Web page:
The Royal Academy of Art, The Hague (KABK) was founded in 1682 as the Haagsche Teeken-Academie (or ‘The Hague Drawing Academy’). Drawing classes were held for the public in the evenings and the society debated about art on Saturdays.
In our culturally diverse academy, the commitment, passion, and curiosity of our students and staff come together in a respectful and tolerant learning environment. Our intensive, structured and small-scale curriculum revolves around experimentation and personal guidance. We provide students with a significant degree of freedom to shape their interests and personal ambitions. We value skill and disciplinary expertise as well as interdisciplinary practice. We encourage innovation through collaboration and facilitate critical reflection on the ever-changing roles of artists and designers in our societies.
Research is an integral component of the learning culture at the Royal Academy of Art (KABK) The Hague. Research has gained increasing importance in artistic and design practices in recent decades. The 21st century artist or designer is what philosopher Donald Schön has called ‘The Reflective Practitioner’ in his seminal 1983 book with the same title.
The Royal Academy of Art, The Hague (KABK) educates students to become confident artists and designers, able to make a meaningful contribution to their discipline and to society by means of their passion, their deep expertise and their experimental approach.
We reach out to the professional field, immerse ourselves in societal trends, and seek confrontation with the audience. One of the ways that we do this is through joint projects with external partners from various disciplines, ranging from government institutions to the cultural sector and business world.
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The Central Bureau of the University of the Arts The Hague reports to the Executive Board. Information for employees of the Royal Academy of Art and the Royal Conservatoire is published on the website of the University of the Arts. Here you will find topics such as personnel policy, governance and supervision, participation, rules of conduct and the ANBI-status (‘institution allocating to the general good’ (in Dutch: ‘algemeen nut beogende instelling’).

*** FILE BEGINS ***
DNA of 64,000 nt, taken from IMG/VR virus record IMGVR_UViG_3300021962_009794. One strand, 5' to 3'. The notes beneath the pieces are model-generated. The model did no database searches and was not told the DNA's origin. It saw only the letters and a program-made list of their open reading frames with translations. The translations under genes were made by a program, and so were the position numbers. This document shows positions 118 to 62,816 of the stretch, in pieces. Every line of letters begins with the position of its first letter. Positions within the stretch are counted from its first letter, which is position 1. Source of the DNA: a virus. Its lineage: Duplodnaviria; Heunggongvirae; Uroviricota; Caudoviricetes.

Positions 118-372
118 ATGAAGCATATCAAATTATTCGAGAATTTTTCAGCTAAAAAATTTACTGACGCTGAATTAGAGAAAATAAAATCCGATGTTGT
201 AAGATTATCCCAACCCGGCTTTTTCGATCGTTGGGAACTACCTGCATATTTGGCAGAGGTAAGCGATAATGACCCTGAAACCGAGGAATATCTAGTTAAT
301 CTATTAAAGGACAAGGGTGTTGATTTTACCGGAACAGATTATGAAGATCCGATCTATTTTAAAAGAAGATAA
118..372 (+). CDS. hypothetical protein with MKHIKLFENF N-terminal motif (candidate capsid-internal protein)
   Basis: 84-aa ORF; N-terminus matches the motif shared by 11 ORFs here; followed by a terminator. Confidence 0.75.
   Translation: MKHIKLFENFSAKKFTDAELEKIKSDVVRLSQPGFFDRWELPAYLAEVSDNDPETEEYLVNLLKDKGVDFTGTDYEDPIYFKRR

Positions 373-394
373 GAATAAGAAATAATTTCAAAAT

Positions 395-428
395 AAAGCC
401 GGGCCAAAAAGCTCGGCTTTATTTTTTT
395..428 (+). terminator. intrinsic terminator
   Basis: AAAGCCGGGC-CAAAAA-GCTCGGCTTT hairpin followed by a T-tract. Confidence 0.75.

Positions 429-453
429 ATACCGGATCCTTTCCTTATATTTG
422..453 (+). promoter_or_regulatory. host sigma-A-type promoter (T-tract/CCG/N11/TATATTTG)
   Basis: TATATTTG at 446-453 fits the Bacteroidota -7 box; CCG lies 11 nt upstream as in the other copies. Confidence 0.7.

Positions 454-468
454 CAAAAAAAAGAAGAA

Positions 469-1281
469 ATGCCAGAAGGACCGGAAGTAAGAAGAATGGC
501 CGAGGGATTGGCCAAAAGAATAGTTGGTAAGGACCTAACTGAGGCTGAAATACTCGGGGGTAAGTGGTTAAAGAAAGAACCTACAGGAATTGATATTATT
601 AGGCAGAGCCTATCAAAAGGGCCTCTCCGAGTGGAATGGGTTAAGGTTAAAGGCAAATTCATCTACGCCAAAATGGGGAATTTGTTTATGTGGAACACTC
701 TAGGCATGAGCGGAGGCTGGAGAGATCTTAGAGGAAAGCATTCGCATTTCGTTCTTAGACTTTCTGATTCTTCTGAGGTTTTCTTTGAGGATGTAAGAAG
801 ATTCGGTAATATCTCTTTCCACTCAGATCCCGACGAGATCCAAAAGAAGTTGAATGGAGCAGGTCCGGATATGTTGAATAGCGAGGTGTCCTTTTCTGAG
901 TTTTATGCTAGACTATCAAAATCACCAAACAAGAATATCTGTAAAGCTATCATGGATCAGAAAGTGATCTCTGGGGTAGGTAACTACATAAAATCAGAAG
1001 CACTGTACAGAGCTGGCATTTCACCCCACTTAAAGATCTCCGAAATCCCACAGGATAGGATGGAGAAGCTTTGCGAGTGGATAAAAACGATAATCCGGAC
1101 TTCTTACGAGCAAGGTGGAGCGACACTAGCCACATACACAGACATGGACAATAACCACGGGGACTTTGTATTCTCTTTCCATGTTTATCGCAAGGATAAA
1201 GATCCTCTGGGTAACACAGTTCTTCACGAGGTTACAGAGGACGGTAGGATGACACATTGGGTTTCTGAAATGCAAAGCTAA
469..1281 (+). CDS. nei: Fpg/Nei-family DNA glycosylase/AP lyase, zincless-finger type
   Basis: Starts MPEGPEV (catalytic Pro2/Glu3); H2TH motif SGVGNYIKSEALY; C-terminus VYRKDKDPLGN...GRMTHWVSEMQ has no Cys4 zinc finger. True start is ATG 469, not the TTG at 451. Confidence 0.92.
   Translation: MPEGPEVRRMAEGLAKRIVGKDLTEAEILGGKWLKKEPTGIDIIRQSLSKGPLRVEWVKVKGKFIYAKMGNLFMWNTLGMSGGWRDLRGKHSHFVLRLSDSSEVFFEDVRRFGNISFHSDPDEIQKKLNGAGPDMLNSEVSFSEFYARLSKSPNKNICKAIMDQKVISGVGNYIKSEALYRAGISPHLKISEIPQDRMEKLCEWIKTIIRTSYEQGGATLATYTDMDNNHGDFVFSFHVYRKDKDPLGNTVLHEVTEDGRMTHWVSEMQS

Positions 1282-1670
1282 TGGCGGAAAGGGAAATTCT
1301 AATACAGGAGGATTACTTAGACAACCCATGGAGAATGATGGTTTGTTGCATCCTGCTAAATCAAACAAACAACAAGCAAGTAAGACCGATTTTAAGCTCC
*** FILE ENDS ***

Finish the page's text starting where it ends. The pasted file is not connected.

The Royal Academy of Art, The Hague (KABK) is not situated in a campus and does not have university-owned accommodation. Students are required to ensure their own housing and are responsible for arranging accommodation themselves.
The KABK has a very well-equipped library. Its collection consists of titles in i.a. the disciplines of Fine Art, Architecture, Photography, Graphic Design, Interior Design, Philosophy, Art Observation, History. The library has subscriptions to roughly 80 magazines and daily newspapers. The multimedia centre has approximately 500 DVDs.
All students in the Netherlands must be sufficiently insured for healthcare. International students who are privately insured in their own country should bring along a statement (in English) with details about their health insurance program.
The Royal Academy of Art, The Hague (KABK) is located on the Prinsessegracht in The Hague, just a short distance from Den Haag Central Station and Malieveld.
Students and staff are invited to use all of the building’s spaces for exhibitions, performances and/or meetings. Most students are allocated a studio space during their studies.
An external committee reviews and evaluates the programmes and reports to the Accreditation Organisation of the Netherlands and Flanders (NVAO).
Its very informative education, broad amount of knowledge and experience provided, from technological skills to theoretical grounds
I really enjoy everything, everybody is nice and kind
unorganised, unpredictable, unreliable are the first three words that come to mind. There are some helpful and genuine tutors, but that doesn't outway the ones who come in late, absent-minded, clearly uninterested or biased (projecting their art practice onto yours and/or what they deem as 'good' art). There are 4-6 who come, which is too much as you have to repeat...
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